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Women Whose Lives Are Food, Men Whose Lives Are Money: Poems

Women Whose Lives Are Food, Men Whose Lives Are Money 

Author: Joyce Carol Oates
Illustrator: Elizabeth Hansell
Publisher: Louisiana State University Press
Year: 1978
Length: 80 pages


Publisher's Blurb

Joyce Carol Oates's fifth volume of poems, like its predecessors, centers on her remarkable and paradoxical vision of the intense intimacy between the self on one hand and nature and history on the other. Whatever happens in nature—whether in the physiological processes of the body, or in the vast processes of wind and water—happens in history. This is the condition of mass technological modern society, and it is, in Oates's vision, notably the condition of American society.

Women Whose Lives Are Food, Men Whose Lives Are Money may well be the most substantial poetic work of the woman who, according to Newsweek "belongs to that small group of writers who keep alive the central ambitions and energies of literature." It is a culminating work—one that augments the themes and craftsmanship of the poems of her previous four volumes. Its structure is a movement from what might be called the center of everyday selves outward into the mysterious metamorphoses of self in life and death, outward to the historical context of the self, and finally outward to the mystery of our disappearance into one another.


  • Women Whose Lives Are Food, Men Whose Lives Are Money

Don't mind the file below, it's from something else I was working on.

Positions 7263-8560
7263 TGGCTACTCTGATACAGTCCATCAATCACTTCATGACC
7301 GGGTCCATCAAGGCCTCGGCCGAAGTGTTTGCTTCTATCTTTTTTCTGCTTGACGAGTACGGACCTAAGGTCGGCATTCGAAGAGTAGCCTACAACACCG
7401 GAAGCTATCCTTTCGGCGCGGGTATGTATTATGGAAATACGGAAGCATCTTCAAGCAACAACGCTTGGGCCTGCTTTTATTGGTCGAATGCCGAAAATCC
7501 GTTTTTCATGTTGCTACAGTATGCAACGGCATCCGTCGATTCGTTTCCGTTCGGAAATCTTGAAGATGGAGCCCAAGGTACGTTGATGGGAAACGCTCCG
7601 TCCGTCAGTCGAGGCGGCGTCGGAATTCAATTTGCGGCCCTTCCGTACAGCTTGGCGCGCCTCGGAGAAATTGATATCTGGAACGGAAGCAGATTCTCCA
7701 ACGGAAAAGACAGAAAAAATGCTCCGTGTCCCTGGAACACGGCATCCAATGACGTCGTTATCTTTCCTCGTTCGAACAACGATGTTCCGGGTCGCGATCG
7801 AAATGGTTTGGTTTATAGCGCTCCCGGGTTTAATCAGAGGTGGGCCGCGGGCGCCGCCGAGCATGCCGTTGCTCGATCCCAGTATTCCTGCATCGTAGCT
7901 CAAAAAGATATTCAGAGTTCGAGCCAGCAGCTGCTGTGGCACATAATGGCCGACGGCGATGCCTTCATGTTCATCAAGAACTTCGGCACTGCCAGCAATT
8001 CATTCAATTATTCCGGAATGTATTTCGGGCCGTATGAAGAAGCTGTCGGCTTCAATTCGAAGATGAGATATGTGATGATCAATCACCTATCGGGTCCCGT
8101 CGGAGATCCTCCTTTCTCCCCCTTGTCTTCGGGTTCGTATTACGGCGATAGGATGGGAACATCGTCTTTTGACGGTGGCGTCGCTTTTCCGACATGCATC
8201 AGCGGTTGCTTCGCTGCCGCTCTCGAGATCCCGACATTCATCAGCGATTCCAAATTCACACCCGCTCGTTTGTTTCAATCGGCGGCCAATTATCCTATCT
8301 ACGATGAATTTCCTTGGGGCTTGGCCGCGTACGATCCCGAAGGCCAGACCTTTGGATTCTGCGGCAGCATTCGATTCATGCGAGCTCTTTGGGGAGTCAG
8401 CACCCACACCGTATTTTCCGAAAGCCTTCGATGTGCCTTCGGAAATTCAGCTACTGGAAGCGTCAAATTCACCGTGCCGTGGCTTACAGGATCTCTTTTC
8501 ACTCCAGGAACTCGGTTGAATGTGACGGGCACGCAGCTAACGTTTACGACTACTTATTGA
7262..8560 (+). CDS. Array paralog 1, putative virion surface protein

• Visionary Adventures of a Wild Dog Pack
  • Hauled from River, Sunday 8 A.M.
  • Former Movie Queen, Dying of Cancer, Watches an Old Movie of Hers at a Film Festival in San Francisco
  • The Eternal Children
  • From the Dark Side of the Earth
  • Lovers Asleep
  • The Spectre
  • The Lovers
  • Fever Song
  • Addiction
  • Last Harvest
  • Holy Saturday
  • Skyscape
  • Metamorphoses
  • The Demons
  • At the Seashore
  • After Sunset
  • Guilt
  • Abandoned Airfield, 1977
  • If You Must Go and I must Stay
  • There Are Those Who Die
  • Pretty Death
  • The Suicide
  • The Broken Man
  • Enigma
  • Ice Age
  • Coronary Thrombosis
  • Preventing the Death of the Brain
  • Rumpled Bed
  • The Resurrection of the Dead
  • Happy Birthday
  • Public Outcry
  • American Independence
  • Gala Power Blackout of New York City, July '77
  • The Noisy Sorrowful Ones
  • Revelations
  • At Peace, at Rest
  • Wealthy Lady
  • He Traveled by Jet First Class to Tangier
  • The Creation
  • Not-being
  • Love Poem
  • That
  • An Infant's Song
  • In Medias Res
  • Earth-Rituals
  • Fertilizing the Continent
  • Many Are Called


The Lovers

Locked in love as the sky to its mock color
in a frieze of love like beauty in ancient profile
the lovers are a blantant litany
the lovers are hoarse with shouting of each other
their zeal eyeless and terrible
their moods promiscuous
as shiny black flies

Locked in love like the glowing bodies of wrestlers
in a panic of love as God pushes from every pore
the lovers laugh shrilly
the lovers see nothing funny
locked in love they are immortal
they are writhing in pain

Unlocked they would be like us
like us faintly quizzical
full-faced and glad of borders, walls,
ceilings, sills,
margins and boundaries and floors
and knowing what we are not

Locked in love they are tortured by Furies of thought:
Should one fail, what would the other do?
Should one lose faith, how would the other survive?
Mere death would canonize them
it is not mere death they fear

it is not mere death they fear


  • Publisher's Weekly, May 29, 1978, p. 47
  • Kirkus Reviews, July 1, 1978, p. 744
  • Virginia Quarterly Review, Autumn 1978, p. 145
  • Library Journal, October 1, 1978, p. 1988
  • Choice, December 1978, p. 1371
  • Stand, 1979, v20 n3 p. 73
  • New York Times Book Review, April 29, 1979, p. 15, 59
  • World Literature Today, Summer 1979, p. 512

    Women Whose Lives Are Food